I had a question I was hoping you could resolve, I’ve scanned through the comments and the article and couldn’t find a definitive answer on it.
I entered Colombia in late January on a 90 day visa free stamp and have been here since without extending or applying for any sort of visa as it’s my understanding everything is put on hold until the end of the health emergency in September. I understand that I will then have until September 31st to either leave the country, extend my stamp or obtain a visa.
I would like to extend my stamp to a 180 day stamp to stay until November before leaving the country. Is there anything that would stop me from being able to do so?
Looks like international airlines begin soon
Hi Jeff, What about M visa holders who were/are not out of the country? I’ve been living here in Sabaneta the whole time and was 7 months into my M visa when the quarantine began. Do all the days from 19 March also not count? Do they tack the uncounted day on at the end? Meaning if it’s 200 days not counted, my M visa and cedula are valid 200 days after the expiration of my current visa/cedula? And the uncounted days end on what date? November 30?
Ask the visa agency we partnered with, there is a chat at the bottom right on this page – https://expatgroup.co/english/visasincolombia/
I had a tourist visa that is already expired on March 31st, and I’m leaving on September 22, do I need to take any action before I leave the country? Or will I be delayed by the customs when I’m at the airport?
i am staying in Colombia with M visa with my family, My visa expired on 30th may 2020 and before that we applied for visa extension and we got notify on June 5th that my visa got rejected and as the international flights are not started am in the country, i have booked the flight to India for 2nd October but airlines company cancelled my bookings and i have to reschedule it to 25th October, my question is, do i need any letter of clearance from the migration office before my flight and is their any penalty which i do need to pay.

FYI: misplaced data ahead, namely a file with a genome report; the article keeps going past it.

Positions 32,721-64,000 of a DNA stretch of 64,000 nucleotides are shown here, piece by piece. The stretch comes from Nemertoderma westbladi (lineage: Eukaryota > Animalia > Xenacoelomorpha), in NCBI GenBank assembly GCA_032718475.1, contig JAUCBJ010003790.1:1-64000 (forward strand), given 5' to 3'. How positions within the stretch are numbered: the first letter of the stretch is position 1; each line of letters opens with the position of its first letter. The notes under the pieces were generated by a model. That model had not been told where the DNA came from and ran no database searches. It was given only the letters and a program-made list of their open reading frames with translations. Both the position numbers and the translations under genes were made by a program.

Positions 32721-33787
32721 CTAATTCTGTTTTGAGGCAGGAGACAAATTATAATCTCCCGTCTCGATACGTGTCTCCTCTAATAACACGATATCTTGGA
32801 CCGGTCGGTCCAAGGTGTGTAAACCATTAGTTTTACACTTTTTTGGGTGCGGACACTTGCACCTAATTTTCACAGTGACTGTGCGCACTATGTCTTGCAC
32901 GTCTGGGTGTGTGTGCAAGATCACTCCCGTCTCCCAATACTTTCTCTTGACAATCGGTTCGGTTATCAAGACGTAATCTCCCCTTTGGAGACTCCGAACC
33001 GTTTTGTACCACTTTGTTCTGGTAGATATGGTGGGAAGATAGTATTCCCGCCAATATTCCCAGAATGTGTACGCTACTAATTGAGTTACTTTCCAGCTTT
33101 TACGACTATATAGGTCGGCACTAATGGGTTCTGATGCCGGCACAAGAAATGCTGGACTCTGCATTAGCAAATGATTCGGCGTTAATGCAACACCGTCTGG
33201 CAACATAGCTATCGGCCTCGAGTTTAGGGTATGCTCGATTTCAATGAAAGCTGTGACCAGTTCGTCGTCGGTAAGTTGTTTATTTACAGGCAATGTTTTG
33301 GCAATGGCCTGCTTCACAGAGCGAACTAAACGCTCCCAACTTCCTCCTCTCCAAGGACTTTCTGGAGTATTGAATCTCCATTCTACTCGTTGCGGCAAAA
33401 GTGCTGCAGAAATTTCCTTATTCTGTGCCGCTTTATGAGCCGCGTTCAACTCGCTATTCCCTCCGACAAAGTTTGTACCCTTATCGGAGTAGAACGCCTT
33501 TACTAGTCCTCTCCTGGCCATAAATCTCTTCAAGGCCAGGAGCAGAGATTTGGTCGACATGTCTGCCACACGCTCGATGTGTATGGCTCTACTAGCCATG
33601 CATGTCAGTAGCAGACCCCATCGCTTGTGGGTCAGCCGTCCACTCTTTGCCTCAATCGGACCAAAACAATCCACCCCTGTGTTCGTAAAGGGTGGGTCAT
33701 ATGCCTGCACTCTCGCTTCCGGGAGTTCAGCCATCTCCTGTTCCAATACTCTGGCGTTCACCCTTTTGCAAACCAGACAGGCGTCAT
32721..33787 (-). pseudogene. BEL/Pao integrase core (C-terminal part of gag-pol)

Thanks for the article.
I would love to know if anyone has managed to get a cedula yet. I’ve been using my old one which expired back in 2017. I received an electronic M visa in April but no passport stamp from Bogota so not sure if I will be able to get a cedula with only that. Any help would be much appreciated. All I’ve heard so far is that it is very difficult to get an appointment in the Migracion Colombia office in Cali. Tried to phone but didn’t get through.
Yes, you can obtain a cedula with an electronic visa.
Thanks for the quick reply Jeff!
i may have over looked the price of your services….its so much to take in ..one person cant leave…another cant return…if a person is traveling along with all that was said he Fear would pop up …its funny cause in the US people just be here living there best lifes….and i want the same for myself…all this stuff about being taxed…maybe i will keep looking…..can you also tell me if since you have traveled around if you service is offer in other countries?.. thank you